Between 1992 and 1995, "plans" for the division of BH dating from the pre-WWII period "came to life," says a history expert witness testifying for the defense at the Hadzihasanovic-Kubura trial. The witness says throughout its history, Bosnia and Herzegovina managed to retain its integrity and "never did have ethnically defined territories" within its borders.

Zijad Sehic, defense witness for HadzihasanovicZijad Sehic, defense witness for Hadzihasanovic

With the outbreak of the 1992-1995 war in Bosnia and Herzegovina, "plans" dating from the pre-WWII period "came to life": this was the period when Bosnia and Herzegovina was partly given to the Croatian Banovina and partly to the "Serb lands" territory that was in the making, Sarajevo historian Zijad Sehic noted in his expert report. It was drafted at the request of defense lawyers for General Enver Hadzihasanovic and Brigadier Amir Kubura.

Sehic testified that in the time of the Kingdom of Yugoslavia, the territory of Bosnia and Herzegovina, as defined in the 17th century, was broken up for the first time, to be divided among four banovinas, or provinces. Then in 1939, an agreement between Serbs and Croats created the Croatian Banovina, which covered a substantial part of BH. All the territories left out should have become part of the "Serb lands," Sehic said, concluding that "parallels can be drawn in history" between those events and the 90's war: in both periods, the Muslim population saw autonomy for BH as a way out.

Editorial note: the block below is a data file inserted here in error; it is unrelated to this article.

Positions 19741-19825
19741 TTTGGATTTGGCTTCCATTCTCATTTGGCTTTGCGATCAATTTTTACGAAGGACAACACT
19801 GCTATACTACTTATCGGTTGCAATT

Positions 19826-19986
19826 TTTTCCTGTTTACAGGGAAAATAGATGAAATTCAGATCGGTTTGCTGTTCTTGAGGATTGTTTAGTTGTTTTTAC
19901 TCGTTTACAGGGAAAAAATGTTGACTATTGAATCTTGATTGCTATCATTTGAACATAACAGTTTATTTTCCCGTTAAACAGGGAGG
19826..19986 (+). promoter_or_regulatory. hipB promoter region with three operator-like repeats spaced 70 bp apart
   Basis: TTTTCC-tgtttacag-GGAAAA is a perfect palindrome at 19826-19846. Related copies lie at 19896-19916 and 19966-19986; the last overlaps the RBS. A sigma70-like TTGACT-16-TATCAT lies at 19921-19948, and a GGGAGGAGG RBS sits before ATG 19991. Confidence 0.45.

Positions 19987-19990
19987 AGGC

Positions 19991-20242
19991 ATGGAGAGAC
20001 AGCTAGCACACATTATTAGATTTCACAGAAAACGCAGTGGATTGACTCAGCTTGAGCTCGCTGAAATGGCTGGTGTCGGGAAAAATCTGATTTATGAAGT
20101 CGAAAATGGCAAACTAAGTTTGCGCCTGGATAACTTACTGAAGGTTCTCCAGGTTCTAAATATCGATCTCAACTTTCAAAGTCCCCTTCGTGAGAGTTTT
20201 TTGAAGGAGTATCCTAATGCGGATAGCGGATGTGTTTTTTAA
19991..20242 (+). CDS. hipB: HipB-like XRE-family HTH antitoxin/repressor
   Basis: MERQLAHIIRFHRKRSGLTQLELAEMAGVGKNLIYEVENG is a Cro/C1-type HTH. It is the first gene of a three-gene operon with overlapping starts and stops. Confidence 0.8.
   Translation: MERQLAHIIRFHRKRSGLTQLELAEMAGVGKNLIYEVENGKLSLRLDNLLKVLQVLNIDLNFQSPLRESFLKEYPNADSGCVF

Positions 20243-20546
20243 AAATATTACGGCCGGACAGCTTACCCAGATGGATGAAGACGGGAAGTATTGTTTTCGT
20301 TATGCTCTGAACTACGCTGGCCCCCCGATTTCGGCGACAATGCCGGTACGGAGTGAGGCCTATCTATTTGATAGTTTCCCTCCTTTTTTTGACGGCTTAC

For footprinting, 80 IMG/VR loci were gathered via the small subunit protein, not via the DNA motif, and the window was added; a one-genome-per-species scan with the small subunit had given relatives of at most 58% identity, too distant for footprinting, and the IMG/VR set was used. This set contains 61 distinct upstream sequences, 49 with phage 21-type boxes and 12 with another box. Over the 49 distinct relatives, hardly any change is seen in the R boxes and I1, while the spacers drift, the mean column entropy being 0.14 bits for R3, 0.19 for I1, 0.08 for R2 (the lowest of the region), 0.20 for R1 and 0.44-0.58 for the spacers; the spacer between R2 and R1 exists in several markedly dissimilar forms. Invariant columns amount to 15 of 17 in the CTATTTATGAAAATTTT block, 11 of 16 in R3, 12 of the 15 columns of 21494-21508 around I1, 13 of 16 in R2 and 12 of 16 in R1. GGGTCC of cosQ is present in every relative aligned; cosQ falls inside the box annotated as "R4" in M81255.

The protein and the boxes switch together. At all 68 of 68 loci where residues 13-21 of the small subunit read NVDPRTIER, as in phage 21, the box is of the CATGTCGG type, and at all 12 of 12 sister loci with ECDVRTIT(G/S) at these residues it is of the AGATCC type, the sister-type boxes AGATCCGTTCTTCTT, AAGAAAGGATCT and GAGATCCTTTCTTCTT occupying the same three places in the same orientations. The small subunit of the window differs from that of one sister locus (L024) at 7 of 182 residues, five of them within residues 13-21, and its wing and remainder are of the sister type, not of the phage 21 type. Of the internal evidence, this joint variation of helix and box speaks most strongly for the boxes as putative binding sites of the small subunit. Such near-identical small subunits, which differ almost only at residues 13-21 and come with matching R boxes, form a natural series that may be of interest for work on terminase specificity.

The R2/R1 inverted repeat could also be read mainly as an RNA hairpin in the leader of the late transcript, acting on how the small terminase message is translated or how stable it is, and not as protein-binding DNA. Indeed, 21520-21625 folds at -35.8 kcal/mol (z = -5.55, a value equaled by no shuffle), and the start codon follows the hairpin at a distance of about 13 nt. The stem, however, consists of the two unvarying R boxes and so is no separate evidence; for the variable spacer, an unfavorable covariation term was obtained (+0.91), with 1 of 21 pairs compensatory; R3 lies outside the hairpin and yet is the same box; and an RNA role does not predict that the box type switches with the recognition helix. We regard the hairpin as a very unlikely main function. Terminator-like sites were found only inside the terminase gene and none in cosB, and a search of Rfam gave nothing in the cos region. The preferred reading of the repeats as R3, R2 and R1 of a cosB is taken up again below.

The witness added that throughout its history, Bosnia and Herzegovina has mostly managed to maintain the integrity of its territory – as a pashalik in the Ottoman Empire, as a corpus separatum within the Austro-Hungarian Monarchy, as a separate whole in the early days of the Kingdom of Yugoslavia, and after WWII, as a republic within the SFRY, with three equal constituent peoples.

“Bosnia never did have ethnically defined territories" within its borders, the witness stressed, concluding that the division on ethnic criteria – started in 1991 and 1992 with the declaration of the Serb and Croat autonomous regions – "could only have been implemented with violence." Sehic adds that "never before had there been such devastation of cultural and religious monuments in an effort to eliminate the roots and any evidence of the existence of other ethnic groups" in Bosnia and Herzegovina.

Sehic, a history professor at the Sarajevo Faculty of Philosophy, is the first expert called by the defense of Enver Hadzihasanovic, former BH Army 3rd Corps commander. During its case, the defense will call several other expert witnesses, including experts on constitutional law and military matters.